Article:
Smoke filled the sky above Lefthand Reservoir. This is the view east from 11,000 feet. One a clear day you can see a hundred miles across the plains. On this morning, I could barely see the foothills. 

I had already resolved to tag Niwot Ridge and head down. But the rising sun brought a breeze that aided my breathing, probably by clearing out some of the smoke that had settled overnight. There was still a surprising amount of smoke in the air for such high altitudes. One has no hope of escaping noxious air when it's wafting in from hundreds of miles away. I'll concede — I'm not a summer person. But what is there to like about a season that can render the entire outdoors into something toxic? 

Still, I took heart in that breeze. And I'd enjoyed the solitude and diffused light of my morning wheeze up Niwot Ridge. And with easier breathing, I began to feel better. I decided to descend toward Long Lake and make another climb to Pawnee Peak. 

The air became less hazy just as the heat started cranking. Brainard Lake is another popular destination, and I thought these trails would be inundated with humans. Surprisingly they were not that crowded on this Sunday morning. I wonder if it's because people hiked about a mile before deciding it was too hot and smoky. 

I enjoyed the relative solitude on the climb to Pawnee Peak. This is a view of Shoshoni Peak, which I find to be humorously ungainly for a craggy mountain. Perhaps I'll ascend this one next time. 

I crested the Continental Divide at Pawnee Pass. The views to the west were completely shrouded in brown pollution. Gross.

Pawnee Peak — not quite a 13er (12,943 feet.) On this day I packed a peanut butter sandwich that I was really excited to eat. But my water, which I hadn't frozen overnight as I usually do, had the mouthfeel of lukewarm coffee. Gross. I also took out a tissue to blow my nose and extracted gobs of smoke particles and snot the color of black coffee. Double gross.

Even at nearly 13,000 feet, the wind was still barely a breeze and the temperature felt oppressively hot. I even rolled up my long sleeves to enjoy my lunch. But I can't expose my skin to the sun for long, not with the harsh UV at 13,000 feet. Even sunscreen isn't effective enough for me, so I have to cover up. Long sleeves, long pants, cap, and the neck gaiter that now doubles as a face mask. I wouldn't choose this if I didn't have to, believe me. 

I was all but begging for wind as I headed down along the craggy rim of the Divide. It never came. I am going to remember this day, come winter. 

The wheezing started again as I descended. Not a great sign. But I still had to make my way up and over Niwot Ridge, and it was only slightly longer if I explored a new-to-me route up Niwot Mountain. Okay, it was five miles longer. It meant another 25-mile day. Why do I make these choices? I crawled along Little Raven Trail, which is a ski trail in the winter and represents happy memories of being flattened by icy gales while fat biking around Brainard Lake. That's all I could think about as I picked my way through the dappled shade, sweat-drenched and slightly delirious, stumbling over every other rock. I passed Lefthand Reservoir and started up the steep slope — no trail to speak of, just rock piles and grassy tundra with stunted coniferous trees providing no shade. I sucked my water bladder dry — even though I'd refilled it in the creek above Lake Isabelle — and turned to the dregs left in my water filter. A half-liter left. That wouldn't take me far, but it would have to.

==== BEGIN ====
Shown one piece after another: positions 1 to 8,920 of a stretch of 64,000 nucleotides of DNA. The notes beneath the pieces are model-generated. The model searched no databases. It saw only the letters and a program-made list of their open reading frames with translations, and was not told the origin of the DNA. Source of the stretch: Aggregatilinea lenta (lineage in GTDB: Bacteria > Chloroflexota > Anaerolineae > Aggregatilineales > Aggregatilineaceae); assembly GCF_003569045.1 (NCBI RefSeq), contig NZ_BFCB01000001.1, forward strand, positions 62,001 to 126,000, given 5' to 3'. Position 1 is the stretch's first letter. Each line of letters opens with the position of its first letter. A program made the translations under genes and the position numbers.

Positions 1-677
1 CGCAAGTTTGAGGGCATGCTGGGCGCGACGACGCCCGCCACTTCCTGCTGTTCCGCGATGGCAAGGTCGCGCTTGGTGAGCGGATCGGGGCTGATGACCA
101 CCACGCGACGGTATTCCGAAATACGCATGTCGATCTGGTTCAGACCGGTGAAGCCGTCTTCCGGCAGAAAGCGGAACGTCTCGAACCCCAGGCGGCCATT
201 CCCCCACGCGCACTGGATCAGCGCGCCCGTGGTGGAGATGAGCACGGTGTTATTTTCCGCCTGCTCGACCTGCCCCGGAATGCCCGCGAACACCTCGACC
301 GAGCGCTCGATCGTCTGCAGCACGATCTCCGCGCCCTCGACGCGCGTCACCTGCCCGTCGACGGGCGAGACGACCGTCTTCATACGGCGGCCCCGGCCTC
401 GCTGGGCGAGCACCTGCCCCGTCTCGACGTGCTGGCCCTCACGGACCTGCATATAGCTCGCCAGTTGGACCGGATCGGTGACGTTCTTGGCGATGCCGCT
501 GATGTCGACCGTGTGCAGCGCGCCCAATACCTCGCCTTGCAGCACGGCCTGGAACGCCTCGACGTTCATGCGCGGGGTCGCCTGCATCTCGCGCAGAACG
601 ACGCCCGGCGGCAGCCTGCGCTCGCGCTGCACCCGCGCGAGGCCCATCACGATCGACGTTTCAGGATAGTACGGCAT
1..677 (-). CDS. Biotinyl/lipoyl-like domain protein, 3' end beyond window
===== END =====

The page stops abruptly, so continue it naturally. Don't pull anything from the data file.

My lungs were burning, my breathing had again slowed me to zone one plodding, I was thirsty and nearly out of water, and roasting in the sun. It must have been close to 90 degrees at 11,000 feet (it actually was 88 degrees at 9,000 feet when I returned to my car two hours later.) I stopped to pull a rock out of my shoe and noticed that my lower calf looked swollen. When I pulled up my pant leg, I saw the blotchy, swollen red welts that signify heat rash. This was going to haunt me later tonight. And why can't I be nicer to my lungs? I understand the price I'll have to pay for that burning feeling as well. This was my fault, of course. I made these choices. And yet ... I couldn't help but look out over the snow-streaked slopes of South Arapahoe Peak and smile. 

"Niwot Ridge," I thought. "I love this place."
Thursday, August 06, 2020

August slipped away

I was caught in a thunderstorm yesterday, and it somewhat jolted me from a summer stupor. It's been one of the weeks (several of those weeks?), I suppose. My most productive activity has been working on a series of essays I'm writing as a reflection on social and spiritual isolation. What will become of these essays? Probably nothing. I think about futility as I work on them. It's simultaneously freeing and demotivating, and I drift back to doom-scrolling more than I'd care to admit. It's August. I dread August. There's something ominous about this month that hangs in the air, like the wildfire smoke drifting in from the west. It's stagnant, hot, wilting. Weariness solidifies and seems to become permanent — that is, until a sudden and violent storm crashes through the haze, full of electric wrath and hail fire. August could be viewed as a microcosm of 2020, made worse because it is still, in fact, 2020. 

For the third summer in a row, I've been grappling with a touch of tendonitis in my right Achilles. It's baffling that I can plod through deep snow for hundreds of miles with no issues, but a few steep mountains will flare up the old injury all over again. I'm trying to be more proactive with stretching and strengthening exercises. On Wednesday, I saw my physical therapist to try dry-needling. Interestingly, after I complained about the three-week-old hematoma and subsequent "dead quad" in my left leg, she conducted a few tests and decided this was my more pressing issue and spent most of the session on that. But she did send a few shock waves through my right calf to wake up the muscles surrounding my Achilles tendon. I was hobbling when I left her office, and probably should have taken this as a cue to rest. But I hate to waste an opportunity to embark on an outdoor activity that doesn't begin at my front door.